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Hysterectomy: The Why, When, and How.

  • Paul E. Evans MD

Hysterectomy is the 2nd most common surgery among women in the USA. A hysterectomy is an operation to remove a woman's uterus. A woman may have a hysterectomy for different reasons, including:

  • Uterine fibroids that cause pain, bleeding, or other problems
  • Uterine prolapse, which is a drop of the uterus from its normal position into the vaginal canal
  • Cancer of the uterus, cervix or ovaries
  • Endometriosis
  • Abnormal vaginal bleeding
  • Chronic pelvic pain
  • Adenomyosis, or a thickening of the uterus

Hysterectomy is usually considered only after all other treatment approaches have been attempted without success. When you have tried other medical or less invasive treatments then hysterectomy may be the best solution for your problem.

Hysterectomy is performed in several ways.

There are different ways that your doctor can perform a hysterectomy. It will depend on your health history and the reason for your surgery.

  • Abdominal hysterectomy. This is done through a 5- to 7-inch incision. The cut may go either up and down, or across your abdomen. This approach requires longer hospitalization and recovery.
  • Vaginal hysterectomy. This is done through an incision in the vagina. The doctor will take your uterus out through this incision and close it with stitches.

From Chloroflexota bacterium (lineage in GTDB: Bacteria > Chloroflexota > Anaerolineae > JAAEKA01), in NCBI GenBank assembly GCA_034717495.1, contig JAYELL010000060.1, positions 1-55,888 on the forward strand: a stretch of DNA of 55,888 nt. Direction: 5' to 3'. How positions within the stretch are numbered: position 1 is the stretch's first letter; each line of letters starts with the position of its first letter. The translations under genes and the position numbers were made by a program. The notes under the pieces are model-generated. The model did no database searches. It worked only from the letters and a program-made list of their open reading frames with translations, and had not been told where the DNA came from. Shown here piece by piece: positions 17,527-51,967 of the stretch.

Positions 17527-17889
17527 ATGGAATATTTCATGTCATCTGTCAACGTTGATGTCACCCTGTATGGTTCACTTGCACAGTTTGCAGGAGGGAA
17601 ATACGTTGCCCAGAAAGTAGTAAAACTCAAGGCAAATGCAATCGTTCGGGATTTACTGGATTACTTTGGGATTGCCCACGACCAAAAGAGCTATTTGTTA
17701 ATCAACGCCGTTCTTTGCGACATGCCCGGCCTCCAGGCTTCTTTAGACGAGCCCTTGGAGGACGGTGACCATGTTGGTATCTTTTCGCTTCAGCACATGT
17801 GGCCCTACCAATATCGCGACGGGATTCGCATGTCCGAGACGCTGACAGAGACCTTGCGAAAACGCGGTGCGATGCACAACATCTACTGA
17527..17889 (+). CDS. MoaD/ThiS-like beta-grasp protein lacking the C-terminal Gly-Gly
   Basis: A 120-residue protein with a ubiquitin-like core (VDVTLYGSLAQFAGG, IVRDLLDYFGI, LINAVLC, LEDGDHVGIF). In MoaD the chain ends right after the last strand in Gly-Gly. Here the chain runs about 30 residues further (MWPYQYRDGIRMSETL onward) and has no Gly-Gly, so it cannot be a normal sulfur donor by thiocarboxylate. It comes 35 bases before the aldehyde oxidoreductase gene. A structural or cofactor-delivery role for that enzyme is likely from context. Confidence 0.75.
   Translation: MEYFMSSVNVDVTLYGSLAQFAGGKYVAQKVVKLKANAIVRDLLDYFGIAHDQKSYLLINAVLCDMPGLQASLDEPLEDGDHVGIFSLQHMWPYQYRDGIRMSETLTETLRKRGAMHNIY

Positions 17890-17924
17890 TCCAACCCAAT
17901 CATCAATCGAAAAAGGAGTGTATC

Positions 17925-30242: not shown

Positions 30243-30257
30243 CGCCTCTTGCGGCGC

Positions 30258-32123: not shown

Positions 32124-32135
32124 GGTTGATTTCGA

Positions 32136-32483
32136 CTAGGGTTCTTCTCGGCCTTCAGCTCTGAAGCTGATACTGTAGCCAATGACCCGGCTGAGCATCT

• Laparoscopic hysterectomy. A laparoscope is an instrument with a thin, lighted tube and small camera that allows your doctor to see your pelvic organs. Your doctor will make three to four small cuts in your belly and insert the laparoscope and other instruments. Then the uterus can be removed through the incisions or through the vagina (LAVH).
  • Robotic-assisted surgery. The use of the robotic device allows for better visualization and greater instrument dexterity. This allows us to accomplish more difficult procedures minimally invasively.

Our practice encourages a minimally invasive approach to hysterectomy to improve the patient’s outcome and allow faster recovery with less pain and blood loss.

Since 1990 our practice has been performing advanced laparoscopic surgeries including hysterectomies. Since 2010 we have been performing robotic-assisted laparoscopic surgeries. This has allowed us to decrease the need for open surgeries. In our local community, open approaches are still highly utilized at 60 -80%. Presently 91% of the surgeries Women’s Specialty Care physicians perform are minimally invasive. We continually strive to improve patient outcomes with less down time by encouraging the latest advances in care and technology. We were the first group to perform robotic hysterectomy in Central Georgia.

If you are considering hysterectomy it is vital that you consider all treatment options and techniques available to resolve your problem and help you recover and resume your life activities as soon as possible.

Below is a graph of the percentages of different hysterectomy types that Women's Specialty Care has performed.